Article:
While it is known that its implementation is linked with delimitation and not likely to happen anytime soon, the recently concluded assembly elections in five states doesn’t inspire much confidence. According to think tank PRS Legislative Research, the strength of women MLAs in the newly elected assemblies remains much below the one-third mark. 

This year, the World Economic Forum’s Global Gender Gap Index placed India at 135 rank out of 146 countries. While this was an improvement by 1.4 percentage points and eight positions since the last edition, the report also underlined that India has reached only 36.7 per cent parity on economic participation and opportunity.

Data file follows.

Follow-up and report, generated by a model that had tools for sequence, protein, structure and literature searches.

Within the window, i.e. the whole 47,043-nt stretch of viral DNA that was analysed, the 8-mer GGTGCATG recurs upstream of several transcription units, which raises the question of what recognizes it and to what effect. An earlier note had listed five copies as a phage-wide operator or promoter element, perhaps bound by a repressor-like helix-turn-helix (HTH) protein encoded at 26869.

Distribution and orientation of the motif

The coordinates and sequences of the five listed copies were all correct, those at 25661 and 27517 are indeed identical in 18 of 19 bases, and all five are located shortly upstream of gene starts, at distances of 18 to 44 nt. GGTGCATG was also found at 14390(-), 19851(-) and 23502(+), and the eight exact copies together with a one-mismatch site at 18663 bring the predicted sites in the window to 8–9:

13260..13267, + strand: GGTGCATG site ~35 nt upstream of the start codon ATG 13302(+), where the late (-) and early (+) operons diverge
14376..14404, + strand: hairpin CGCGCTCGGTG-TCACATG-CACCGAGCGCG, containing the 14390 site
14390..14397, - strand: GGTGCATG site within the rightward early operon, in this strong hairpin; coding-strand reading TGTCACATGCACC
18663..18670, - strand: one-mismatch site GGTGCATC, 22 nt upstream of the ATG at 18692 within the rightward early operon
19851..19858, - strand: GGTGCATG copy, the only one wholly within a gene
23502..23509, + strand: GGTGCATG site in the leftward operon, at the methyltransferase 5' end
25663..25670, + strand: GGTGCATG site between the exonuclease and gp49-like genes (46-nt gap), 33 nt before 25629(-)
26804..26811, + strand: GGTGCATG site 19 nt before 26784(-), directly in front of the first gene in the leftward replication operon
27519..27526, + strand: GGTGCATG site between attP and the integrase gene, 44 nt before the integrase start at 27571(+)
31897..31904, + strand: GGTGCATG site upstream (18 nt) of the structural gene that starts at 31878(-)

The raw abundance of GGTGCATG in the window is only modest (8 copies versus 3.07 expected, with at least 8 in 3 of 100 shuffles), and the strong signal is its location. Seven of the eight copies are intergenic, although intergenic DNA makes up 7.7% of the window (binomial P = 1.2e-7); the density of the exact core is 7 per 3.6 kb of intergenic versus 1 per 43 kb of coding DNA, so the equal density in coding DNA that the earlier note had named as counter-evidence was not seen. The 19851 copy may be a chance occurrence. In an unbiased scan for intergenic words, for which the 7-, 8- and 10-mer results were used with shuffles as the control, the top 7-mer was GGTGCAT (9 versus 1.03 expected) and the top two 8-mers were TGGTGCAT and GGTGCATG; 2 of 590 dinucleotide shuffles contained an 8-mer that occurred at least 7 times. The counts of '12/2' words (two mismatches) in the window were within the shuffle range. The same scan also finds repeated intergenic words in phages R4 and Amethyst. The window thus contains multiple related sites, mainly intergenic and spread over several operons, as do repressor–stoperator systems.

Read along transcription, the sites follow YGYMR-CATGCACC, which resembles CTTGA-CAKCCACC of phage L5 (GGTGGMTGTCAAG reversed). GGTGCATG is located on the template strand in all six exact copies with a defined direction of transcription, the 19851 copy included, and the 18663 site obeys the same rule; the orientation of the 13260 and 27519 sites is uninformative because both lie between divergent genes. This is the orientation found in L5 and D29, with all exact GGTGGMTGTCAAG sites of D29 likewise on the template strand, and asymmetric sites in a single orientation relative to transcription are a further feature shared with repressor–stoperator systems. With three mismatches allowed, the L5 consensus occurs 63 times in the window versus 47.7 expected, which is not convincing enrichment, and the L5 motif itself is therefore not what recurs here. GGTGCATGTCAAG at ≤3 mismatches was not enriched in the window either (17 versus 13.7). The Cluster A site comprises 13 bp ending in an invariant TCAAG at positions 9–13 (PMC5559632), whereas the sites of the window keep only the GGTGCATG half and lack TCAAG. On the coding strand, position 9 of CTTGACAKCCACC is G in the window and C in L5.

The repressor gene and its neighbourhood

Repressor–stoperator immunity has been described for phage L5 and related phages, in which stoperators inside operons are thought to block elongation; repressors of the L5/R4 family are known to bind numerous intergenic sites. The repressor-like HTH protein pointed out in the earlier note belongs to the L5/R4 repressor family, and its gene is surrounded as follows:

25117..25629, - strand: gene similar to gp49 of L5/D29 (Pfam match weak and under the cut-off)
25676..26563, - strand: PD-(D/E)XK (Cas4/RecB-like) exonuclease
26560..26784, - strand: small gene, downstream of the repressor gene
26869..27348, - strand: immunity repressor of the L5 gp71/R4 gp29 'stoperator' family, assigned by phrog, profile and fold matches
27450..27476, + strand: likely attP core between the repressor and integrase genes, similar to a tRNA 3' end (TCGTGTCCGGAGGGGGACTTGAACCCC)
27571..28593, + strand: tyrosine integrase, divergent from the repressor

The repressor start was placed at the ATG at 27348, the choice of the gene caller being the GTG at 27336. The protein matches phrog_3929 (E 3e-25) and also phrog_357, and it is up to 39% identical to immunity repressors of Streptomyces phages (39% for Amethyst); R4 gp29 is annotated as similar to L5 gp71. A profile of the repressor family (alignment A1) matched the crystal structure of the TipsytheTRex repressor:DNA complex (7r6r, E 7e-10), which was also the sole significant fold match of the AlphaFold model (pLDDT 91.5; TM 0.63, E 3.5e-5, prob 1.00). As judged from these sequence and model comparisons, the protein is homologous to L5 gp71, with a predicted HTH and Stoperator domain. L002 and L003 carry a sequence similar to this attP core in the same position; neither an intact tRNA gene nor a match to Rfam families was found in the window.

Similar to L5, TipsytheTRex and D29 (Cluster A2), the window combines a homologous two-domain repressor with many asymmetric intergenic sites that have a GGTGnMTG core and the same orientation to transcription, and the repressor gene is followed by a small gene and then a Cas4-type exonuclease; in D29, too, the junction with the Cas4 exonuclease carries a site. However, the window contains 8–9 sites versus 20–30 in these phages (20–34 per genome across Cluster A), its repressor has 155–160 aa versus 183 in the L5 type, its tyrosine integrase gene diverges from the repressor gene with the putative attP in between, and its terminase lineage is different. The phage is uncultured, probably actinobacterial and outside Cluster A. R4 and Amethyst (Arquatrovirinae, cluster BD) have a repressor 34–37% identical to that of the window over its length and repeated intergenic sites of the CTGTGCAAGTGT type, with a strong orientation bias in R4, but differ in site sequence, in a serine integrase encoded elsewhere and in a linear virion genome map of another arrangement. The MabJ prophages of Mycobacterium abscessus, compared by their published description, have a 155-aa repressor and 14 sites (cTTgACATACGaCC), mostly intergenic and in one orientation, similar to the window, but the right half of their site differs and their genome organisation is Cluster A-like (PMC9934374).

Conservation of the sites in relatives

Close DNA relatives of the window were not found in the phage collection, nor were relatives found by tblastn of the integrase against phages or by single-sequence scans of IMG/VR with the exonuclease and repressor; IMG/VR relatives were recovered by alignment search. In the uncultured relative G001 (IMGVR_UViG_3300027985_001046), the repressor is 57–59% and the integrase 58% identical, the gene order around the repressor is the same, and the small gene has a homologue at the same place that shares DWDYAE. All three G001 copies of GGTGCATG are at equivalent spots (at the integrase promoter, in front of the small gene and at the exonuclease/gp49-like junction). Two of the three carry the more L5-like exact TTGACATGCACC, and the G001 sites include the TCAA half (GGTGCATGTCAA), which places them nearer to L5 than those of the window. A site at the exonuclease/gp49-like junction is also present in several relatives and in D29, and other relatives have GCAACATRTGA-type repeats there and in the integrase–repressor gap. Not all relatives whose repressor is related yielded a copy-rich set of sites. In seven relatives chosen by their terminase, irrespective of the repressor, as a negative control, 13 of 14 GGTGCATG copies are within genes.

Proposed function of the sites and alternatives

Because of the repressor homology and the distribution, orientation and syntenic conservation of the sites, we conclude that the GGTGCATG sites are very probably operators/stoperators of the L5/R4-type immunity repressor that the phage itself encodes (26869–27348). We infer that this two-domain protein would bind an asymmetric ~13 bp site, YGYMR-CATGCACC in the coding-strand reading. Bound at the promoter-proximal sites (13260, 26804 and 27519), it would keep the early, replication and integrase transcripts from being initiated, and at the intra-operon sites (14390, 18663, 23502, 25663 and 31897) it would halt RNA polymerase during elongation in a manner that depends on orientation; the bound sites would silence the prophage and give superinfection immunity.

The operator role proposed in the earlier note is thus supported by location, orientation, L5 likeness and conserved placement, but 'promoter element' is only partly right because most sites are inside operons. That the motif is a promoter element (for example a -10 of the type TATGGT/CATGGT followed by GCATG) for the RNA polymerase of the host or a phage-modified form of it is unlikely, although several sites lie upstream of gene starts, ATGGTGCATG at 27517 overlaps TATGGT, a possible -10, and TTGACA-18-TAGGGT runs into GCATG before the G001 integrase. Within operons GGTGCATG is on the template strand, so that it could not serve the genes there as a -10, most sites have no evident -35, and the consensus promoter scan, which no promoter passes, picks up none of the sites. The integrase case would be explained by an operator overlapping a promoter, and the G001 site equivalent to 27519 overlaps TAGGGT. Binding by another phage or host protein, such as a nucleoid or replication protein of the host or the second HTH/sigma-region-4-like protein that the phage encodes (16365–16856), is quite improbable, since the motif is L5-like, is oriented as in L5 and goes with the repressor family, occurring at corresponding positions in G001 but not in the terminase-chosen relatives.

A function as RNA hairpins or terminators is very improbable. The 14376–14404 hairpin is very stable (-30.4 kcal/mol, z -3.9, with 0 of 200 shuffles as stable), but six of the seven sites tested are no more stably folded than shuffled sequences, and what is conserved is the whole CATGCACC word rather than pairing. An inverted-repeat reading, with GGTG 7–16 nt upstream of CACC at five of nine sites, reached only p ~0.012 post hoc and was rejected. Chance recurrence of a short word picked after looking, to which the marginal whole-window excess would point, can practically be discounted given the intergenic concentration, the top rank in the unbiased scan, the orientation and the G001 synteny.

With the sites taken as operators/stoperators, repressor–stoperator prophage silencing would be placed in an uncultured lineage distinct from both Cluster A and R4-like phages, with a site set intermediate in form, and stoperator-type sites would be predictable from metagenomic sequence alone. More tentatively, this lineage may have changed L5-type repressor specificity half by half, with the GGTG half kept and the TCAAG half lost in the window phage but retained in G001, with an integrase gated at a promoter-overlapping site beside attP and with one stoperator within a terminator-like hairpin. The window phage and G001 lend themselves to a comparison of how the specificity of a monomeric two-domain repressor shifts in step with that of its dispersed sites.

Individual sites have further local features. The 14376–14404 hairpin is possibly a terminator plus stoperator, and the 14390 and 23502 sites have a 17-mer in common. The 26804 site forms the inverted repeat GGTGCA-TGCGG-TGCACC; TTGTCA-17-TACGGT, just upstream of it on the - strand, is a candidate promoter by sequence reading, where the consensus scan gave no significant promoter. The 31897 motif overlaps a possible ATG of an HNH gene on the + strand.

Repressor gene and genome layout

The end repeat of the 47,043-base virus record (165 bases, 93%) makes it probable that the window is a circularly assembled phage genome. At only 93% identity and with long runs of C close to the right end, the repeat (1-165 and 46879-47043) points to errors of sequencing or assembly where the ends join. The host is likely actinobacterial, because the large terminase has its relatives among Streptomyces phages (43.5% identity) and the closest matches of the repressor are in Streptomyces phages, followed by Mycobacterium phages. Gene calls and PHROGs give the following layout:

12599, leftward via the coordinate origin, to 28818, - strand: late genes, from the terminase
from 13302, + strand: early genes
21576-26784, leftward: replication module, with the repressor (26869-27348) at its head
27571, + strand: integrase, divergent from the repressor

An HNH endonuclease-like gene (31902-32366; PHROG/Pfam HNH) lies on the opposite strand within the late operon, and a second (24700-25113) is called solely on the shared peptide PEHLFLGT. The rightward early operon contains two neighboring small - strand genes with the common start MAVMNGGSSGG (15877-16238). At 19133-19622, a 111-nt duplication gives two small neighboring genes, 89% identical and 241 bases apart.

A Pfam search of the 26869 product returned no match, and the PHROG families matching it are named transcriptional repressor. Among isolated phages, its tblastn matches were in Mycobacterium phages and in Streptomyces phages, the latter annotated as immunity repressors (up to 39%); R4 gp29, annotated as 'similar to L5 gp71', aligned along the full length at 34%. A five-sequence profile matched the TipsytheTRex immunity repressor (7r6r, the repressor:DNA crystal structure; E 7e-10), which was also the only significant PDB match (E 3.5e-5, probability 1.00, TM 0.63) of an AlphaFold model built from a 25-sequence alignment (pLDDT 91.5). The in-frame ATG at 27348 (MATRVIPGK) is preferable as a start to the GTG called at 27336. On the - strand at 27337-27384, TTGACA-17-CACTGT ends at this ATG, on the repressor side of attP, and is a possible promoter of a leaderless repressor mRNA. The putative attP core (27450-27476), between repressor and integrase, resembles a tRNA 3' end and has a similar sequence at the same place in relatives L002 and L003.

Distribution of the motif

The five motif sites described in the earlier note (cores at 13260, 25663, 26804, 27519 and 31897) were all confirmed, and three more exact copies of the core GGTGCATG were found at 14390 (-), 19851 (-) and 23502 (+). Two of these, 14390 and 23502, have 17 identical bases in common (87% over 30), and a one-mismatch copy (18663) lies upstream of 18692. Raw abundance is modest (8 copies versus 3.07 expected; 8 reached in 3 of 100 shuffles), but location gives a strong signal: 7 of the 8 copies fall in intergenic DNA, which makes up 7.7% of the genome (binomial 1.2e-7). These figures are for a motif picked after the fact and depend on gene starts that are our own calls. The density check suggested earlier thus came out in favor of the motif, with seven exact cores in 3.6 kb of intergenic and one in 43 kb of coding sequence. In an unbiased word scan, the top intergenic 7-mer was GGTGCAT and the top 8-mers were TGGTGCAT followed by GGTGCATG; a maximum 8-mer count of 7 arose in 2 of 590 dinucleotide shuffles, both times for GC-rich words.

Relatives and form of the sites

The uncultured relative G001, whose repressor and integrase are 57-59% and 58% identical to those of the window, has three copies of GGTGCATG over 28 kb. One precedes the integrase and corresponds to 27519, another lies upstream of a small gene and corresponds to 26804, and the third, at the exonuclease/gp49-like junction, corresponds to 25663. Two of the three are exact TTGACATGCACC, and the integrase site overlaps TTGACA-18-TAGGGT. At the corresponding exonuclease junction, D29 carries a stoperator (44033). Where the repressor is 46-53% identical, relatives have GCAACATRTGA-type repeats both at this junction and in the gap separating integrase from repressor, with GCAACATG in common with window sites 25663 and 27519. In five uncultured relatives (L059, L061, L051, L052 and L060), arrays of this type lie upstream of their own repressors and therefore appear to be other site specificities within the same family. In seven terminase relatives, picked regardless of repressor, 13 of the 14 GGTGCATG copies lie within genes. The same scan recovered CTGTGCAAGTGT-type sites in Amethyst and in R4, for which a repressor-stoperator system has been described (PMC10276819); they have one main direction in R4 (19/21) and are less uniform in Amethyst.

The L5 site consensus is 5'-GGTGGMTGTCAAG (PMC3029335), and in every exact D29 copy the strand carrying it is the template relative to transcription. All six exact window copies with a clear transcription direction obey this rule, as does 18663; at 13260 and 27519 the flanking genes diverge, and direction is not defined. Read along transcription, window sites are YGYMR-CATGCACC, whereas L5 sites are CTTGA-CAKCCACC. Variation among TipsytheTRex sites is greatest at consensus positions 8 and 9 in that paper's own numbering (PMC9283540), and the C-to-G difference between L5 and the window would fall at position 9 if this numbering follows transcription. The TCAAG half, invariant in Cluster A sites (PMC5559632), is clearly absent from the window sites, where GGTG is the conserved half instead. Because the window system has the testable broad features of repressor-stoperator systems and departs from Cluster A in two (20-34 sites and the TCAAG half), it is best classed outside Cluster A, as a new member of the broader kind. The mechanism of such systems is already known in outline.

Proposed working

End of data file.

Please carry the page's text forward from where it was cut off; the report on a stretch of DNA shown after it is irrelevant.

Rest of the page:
Meanwhile, the National Crime Records Bureau (NCRB) reports reminded of other grim figures as far as crimes against women are concerned. According to the report, crimes against women rose by four per cent in 2022, as compared with 2021, with a staggering over 4.45 lakh such crimes being registered. 

A majority of these were categorised as ‘cruelty by husbands or his relatives’, kidnapping and abduction, assault with intent to outrage modesty and rape. Moreover, 12 states and Union territories recorded crime rates higher than the national average.


This year has not been kind to farmers. The southwest monsoon was ‘below normal’, and erratic, which impacted the yields of Kharif crops in many parts of the country. States like Karnataka, Maharashtra and Jharkhand are still reeling under drought and drought like conditions.